Find new ways to celebrate. Create some new symbols and rituals that will help redefine a joyful holiday season. You might host a holiday gathering for special recovering friends and/or attend celebrations of your Twelve Step group. Avoid isolation and spend time with people you like who are not substance users. Don’t expose yourself to unnecessary temptations, such as gatherings where alcohol is the center of entertainment. If there are people who have a negative influence on you, avoid them.

Focus on your recovery program. Holidays are also an important time to focus on your recovery program. For example, ask, “What am I working on in my program now?” Discuss this with your sponsor.

Release your resentments. Resentment has been described as allowing a person you dislike to live in your head, rent-free. Resentments that gain steam during the holidays can be disastrous for anyone, especially recovering people. The Big Book of “Alcoholics Anonymous” refers to resentment as the No. 1 offender, or the most common factor in failed sobriety.

Holidays may also be a time to evaluate your spirituality and find a personal way to draw support from the spirit of the season. Return the holidays to a spiritual base, and stress the power of unselfish giving.

Recovery is serious work, but it is also important to have fun. Laugh a little and a little more. Start seeing the humor in those things that annoy you. Take from the holiday season what is important for you and leave the rest.

My books are available at

Be Good to Yourself

May 26, 2018

Alberta Sequeira
Purchase books at

Stop Dying–Start Living

May 14, 2018



Addiction is the ultimate identity thief. It doesn’t set up false bank accounts or hack your email – it steals your identity from within.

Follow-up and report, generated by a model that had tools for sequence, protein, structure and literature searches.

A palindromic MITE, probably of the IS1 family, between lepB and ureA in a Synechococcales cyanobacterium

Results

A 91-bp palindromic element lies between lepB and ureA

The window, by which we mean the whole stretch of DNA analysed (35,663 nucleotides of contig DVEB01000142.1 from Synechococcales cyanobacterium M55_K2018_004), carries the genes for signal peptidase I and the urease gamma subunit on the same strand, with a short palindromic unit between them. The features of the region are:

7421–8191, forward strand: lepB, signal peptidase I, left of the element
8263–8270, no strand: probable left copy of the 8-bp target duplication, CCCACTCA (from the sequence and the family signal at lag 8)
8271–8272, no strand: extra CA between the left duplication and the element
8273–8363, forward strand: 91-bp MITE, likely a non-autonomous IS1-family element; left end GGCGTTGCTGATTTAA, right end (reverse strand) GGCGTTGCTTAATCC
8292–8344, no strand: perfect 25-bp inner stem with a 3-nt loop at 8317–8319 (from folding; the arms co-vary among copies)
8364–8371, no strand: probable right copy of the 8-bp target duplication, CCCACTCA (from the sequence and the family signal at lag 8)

Spinning in a cycle of chemical dependency, those battling with drugs and alcohol often don’t realize one important truth: Your true identity is buried beneath the substance abuse.

Haley’s a great example. She entered rehab, where she attended art therapy each week as part of her treatment. She discovered a hidden talent. With her mind clear of opiates, she found out she was full of creative ideas for beautiful works of art.

And then there’s Simon. He had forgotten how much he loved to play the piano. Focused entirely on drinking for the past five years, he hadn’t even touched a keyboard. After getting clean and sober, he had time to pick up the hobby again – and loves how it makes him feel.

Jenny also made an incredible discovery. As part of her treatment plan, she volunteered weekly at a food pantry. She found it intimidating at first, but quickly discovered she could really relate to people. Without drugs, she was no longer irritable or constantly thinking about avoiding withdrawal. Jenny found that she really loves being with people and serving others. She’s thinking of pursuing a career in social services.

Getting to Know Yourself

What passions, skills, and surprising interests might lie beneath your chemical dependency? Like Haley, Simon, and Jenny, you can find out. When you’re ready to start the journey, try these three steps:

Step #1 – Discover What Brings You Joy

Try new things. Revisit old interests. Either in a treatment setting or on your own, explore what makes you happy. Get out in nature. Pick up a paintbrush. Try some yoga poses. Spend time with animals. This will open up new opportunities you never knew existed. The world of recovery will become more exciting and inviting. You’ll realize just how much more there is to life (and to you) than substance abuse.
Step #2 – Insert More of Those Things in Your Life

Once you’ve discovered joy-filled activities, make an effort to do them. Does strumming a guitar energize you? Does baking a cake give you a sense of accomplishment? Whatever it is that strikes a chord with your joy – do that. Write these things down and make it a goal to pursue them.
Step #3 – Give Your Identity a Realignment

Crushed beneath the weight of substance abuse, your identity has been suffering. It’s likely dripping with negativity, anxiety and pain. As you discover new parts of your soul, you can start to repair this image. The truth is, you’re way more than your drug of choice. You’re more than what you do or what you’ve done. Continue to explore the possibilities, and you’ll discover just how much you have to offer the world.